Ryoji Fukudome and Toshihiko Nagashima, both Japanese citizens, are accused of attending meetings to agree to rig bids and allocate the supply of automotive wire harnesses sold to Fuji Heavy Industries for use in electrical systems in its Subaru cars sold in the US, in violation of the Sherman Act. It is alleged that these meetings were followed up with further communications to monitor and enforce the collusive agreements. Fujikara pleaded guilty to its role in the conspiracy in June 2012 and paid a USD20 million criminal fine.
The charges are the latest in the Department of Justice’s ongoing investigation into the automotive sector and follow the indictment entered against G. S Electech executive Shingo Okuda earlier in September 2013 (see previous blog post). The investigation has so far seen 12 companies and 15 executives plead guilty and has cost the auto industry more than USD874 million in fines and resulted in prison sentences of between a year and a day and two years. Substantial fines have also been imposed in parallel investigations in Europe, Australia, Korea, Japan and Canada. An investigation in China is expected to be opened in the coming months.
Scott Hammond, the deputy assistant attorney general of the antitrust division’s criminal enforcement programme, pledged that the Department of Justice would continue to protect US businesses and consumers by “working closely with competition enforcers abroad to ensure that there are no safe harbors for executives who engage in international cartel crimes.”
The Competition and Markets Authority (CMA), which will take over the functions of the OFT on 1 April 2014, has launched a consultation about how the CMA will work in practice and how it will interact with businesses and individuals.
This includes the publication of draft prosecution guidance on the criminal cartel offence. The guidance sets out some of the considerations that the CMA will take into account when deciding whether to prosecute the cartel offence, in particular in relation to the new exclusions in section 188A and defences in section 188B of the Enterprise Act 2002 (as amended by section 47 of the Enterprise and Regulatory Reform Act 2013). It is worth noting that the CMA takes the view that the term ‘professional legal advisers’ in the legal advice defence in subsection 188B(3) refers to both external and in-house legal advisers. The guidance states that an individual must show that they have made a genuine attempt to seek legal advice about the arrangement, but there is no mention of whether the advice needs to be followed.
The guidance also sets out a number of considerations that the CMA will take into account when deciding whether it is in the public interest to prosecute:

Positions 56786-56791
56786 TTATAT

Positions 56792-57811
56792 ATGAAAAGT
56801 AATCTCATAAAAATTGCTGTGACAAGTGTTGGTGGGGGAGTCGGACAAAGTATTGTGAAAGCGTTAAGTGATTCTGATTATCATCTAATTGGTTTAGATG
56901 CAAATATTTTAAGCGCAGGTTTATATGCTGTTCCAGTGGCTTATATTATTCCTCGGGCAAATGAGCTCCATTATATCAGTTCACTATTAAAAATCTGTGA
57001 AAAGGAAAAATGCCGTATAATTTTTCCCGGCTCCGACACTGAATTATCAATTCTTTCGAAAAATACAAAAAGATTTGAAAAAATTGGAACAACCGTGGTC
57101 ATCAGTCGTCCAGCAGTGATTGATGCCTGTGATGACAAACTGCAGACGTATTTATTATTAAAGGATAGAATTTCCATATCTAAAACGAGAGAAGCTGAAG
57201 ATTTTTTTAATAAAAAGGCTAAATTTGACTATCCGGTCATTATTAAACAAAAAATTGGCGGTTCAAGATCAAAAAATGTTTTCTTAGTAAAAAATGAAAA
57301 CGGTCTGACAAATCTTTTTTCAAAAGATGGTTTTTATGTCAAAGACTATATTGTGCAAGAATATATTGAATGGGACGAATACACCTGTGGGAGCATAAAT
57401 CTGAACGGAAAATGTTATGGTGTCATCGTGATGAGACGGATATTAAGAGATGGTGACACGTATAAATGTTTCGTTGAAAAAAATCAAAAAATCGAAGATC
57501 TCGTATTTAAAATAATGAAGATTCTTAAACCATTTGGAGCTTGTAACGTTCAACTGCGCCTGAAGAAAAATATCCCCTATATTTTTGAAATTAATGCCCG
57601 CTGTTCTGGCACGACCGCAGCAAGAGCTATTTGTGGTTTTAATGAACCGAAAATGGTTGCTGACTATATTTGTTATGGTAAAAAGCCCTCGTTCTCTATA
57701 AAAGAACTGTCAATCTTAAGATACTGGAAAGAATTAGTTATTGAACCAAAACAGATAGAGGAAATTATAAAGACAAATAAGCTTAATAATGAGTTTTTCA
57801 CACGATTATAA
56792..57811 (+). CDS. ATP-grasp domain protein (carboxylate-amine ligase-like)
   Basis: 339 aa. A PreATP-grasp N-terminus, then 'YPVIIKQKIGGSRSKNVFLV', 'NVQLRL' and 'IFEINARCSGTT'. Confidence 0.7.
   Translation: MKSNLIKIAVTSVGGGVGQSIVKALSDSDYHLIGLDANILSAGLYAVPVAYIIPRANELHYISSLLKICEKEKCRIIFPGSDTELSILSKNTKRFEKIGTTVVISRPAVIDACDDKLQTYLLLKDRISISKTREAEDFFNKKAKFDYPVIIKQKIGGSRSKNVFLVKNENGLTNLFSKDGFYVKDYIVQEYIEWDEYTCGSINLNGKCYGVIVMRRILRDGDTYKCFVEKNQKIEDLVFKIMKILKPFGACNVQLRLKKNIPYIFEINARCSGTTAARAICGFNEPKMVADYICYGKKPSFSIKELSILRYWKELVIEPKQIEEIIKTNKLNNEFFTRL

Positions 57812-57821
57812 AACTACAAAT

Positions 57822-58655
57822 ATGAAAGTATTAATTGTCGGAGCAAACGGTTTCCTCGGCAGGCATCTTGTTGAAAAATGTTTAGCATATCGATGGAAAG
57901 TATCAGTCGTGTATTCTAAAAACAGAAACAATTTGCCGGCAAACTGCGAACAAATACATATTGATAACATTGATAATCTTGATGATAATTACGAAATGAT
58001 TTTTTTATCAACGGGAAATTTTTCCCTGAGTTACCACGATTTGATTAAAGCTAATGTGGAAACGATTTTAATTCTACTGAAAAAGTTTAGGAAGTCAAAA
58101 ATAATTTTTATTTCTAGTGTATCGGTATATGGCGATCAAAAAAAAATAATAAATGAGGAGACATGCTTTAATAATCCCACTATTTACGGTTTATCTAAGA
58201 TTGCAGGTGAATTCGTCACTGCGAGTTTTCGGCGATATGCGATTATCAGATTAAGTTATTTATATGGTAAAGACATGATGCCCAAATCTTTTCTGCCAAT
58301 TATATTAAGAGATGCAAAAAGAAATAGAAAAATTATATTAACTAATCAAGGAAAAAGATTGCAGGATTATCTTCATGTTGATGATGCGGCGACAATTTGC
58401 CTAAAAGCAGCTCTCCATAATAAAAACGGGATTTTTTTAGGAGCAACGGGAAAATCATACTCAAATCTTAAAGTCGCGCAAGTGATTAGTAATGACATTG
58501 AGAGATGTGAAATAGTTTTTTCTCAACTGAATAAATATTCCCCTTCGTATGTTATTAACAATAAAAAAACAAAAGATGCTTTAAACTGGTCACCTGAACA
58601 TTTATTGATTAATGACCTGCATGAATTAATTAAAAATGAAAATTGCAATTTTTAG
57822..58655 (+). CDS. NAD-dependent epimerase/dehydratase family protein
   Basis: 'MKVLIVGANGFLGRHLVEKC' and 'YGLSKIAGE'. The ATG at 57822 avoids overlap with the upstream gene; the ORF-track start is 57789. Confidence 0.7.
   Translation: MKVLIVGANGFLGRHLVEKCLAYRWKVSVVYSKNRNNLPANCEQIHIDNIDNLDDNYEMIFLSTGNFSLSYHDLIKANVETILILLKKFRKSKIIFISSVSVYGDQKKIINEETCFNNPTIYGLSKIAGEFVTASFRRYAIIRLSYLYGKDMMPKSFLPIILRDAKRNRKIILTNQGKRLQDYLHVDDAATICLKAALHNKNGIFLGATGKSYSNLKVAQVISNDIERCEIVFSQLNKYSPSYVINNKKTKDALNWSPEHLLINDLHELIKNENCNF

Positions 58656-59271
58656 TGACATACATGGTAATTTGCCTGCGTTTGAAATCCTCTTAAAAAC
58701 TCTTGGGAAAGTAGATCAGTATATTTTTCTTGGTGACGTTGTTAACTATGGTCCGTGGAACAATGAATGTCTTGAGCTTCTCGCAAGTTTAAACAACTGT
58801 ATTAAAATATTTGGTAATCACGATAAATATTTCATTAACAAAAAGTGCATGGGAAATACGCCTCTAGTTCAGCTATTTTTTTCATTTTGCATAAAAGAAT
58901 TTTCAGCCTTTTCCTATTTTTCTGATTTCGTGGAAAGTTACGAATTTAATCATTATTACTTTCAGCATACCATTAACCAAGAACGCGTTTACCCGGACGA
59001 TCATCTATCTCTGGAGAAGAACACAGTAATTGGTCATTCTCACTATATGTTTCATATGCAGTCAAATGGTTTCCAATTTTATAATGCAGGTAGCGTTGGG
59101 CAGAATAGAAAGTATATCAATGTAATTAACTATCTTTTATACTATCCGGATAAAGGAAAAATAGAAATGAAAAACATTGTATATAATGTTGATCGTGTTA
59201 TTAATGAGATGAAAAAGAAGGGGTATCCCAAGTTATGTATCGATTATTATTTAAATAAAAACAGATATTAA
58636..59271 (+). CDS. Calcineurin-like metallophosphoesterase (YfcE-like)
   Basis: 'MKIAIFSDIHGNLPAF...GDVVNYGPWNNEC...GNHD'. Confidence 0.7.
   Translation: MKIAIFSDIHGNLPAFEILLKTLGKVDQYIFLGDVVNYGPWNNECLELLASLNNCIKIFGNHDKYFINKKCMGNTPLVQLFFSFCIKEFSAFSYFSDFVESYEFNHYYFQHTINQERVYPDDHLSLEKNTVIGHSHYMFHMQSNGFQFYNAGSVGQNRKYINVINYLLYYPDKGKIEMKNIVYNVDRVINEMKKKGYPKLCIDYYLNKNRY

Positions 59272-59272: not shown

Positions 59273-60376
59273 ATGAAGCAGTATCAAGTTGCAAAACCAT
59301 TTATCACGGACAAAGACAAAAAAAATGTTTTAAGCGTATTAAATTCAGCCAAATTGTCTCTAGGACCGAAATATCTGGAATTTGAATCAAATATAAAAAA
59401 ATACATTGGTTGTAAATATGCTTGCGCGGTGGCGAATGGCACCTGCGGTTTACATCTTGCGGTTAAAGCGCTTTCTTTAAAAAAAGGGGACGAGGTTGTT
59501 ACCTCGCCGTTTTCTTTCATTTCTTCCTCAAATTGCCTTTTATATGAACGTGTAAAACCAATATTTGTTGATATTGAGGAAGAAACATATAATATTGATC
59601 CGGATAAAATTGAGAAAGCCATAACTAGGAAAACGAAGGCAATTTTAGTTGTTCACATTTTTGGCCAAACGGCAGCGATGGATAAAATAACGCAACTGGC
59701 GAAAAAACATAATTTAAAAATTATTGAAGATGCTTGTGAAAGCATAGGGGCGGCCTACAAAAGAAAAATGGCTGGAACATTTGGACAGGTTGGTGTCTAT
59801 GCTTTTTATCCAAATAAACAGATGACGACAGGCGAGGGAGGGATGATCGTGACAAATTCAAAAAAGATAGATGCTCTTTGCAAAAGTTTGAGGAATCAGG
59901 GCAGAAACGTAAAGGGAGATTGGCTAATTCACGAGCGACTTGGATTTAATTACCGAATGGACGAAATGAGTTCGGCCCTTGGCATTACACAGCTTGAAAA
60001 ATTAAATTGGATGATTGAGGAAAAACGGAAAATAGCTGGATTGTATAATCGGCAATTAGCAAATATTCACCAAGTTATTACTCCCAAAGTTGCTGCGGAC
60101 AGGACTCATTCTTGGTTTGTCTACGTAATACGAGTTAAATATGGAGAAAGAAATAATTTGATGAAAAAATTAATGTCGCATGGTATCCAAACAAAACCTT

- The seriousness of the offence;
- The level of culpability of the suspects;
- The impact on the community; and
- Whether prosecution is a proportionate response.
In parallel, the Department for Business, Innovation and Skills has published draft secondary legislation in relation to the UK’s competition regime. This includes a draft Order for the publishing of relevant information under section 188A of the Enterprise Act 2002. The draft Order specifies that relevant information is published if it is advertised once in any of the London Gazette, the Edinburgh Gazette and the Belfast Gazette.
The consultations close on 11 November 2013.
John Pecman, the recently appointed Commissioner of Canada’s Competition Bureau, has announced a new Criminal Cartel Whistleblowing Initiative to encourage members of the public to provide information to the Competition Bureau about possible violations of sections 45 to 49 of the Competition Act. These provisions criminalise a wide range of cartel conduct including price fixing, allocation of markets, restricting outputs and bid rigging.
The new programme is in addition to the general protection for whistleblowers already provided for in Canadian legislation, and demonstrates the Competition Bureau’s increasing focus on tackling violations of the criminal cartel offence. The Competition Act provides that any person who has reasonable grounds to believe that a person has committed (or intends to commit) an offence under the Act and notifies the Commission as such may request that their identity be kept confidential, and also prohibits employers from taking action against whistleblowers who act in good faith and on the basis of reasonable belief. Canada’s Criminal Code provides a wider protection for anyone who provides information to law enforcement officers with respect to any kind of offence committed by someone in their organisation.
The details of the Criminal Cartel Whistleblowing Initiative show a high degree of protection for the identity of individuals who come forward, with an assurance that any information used to enforce the offence will not reveal the Whistleblower’s identity and a guarantee that while individuals may be asked to testify in court they will not be required to do so.
The Competition Bureau already has immunity and leniency programmes in place to encourage self-reporting, and Pecman said that the new initiative was designed to “support increased reporting of anti-competitive behaviour, while ensuring the protection of individuals who come forward with such information.”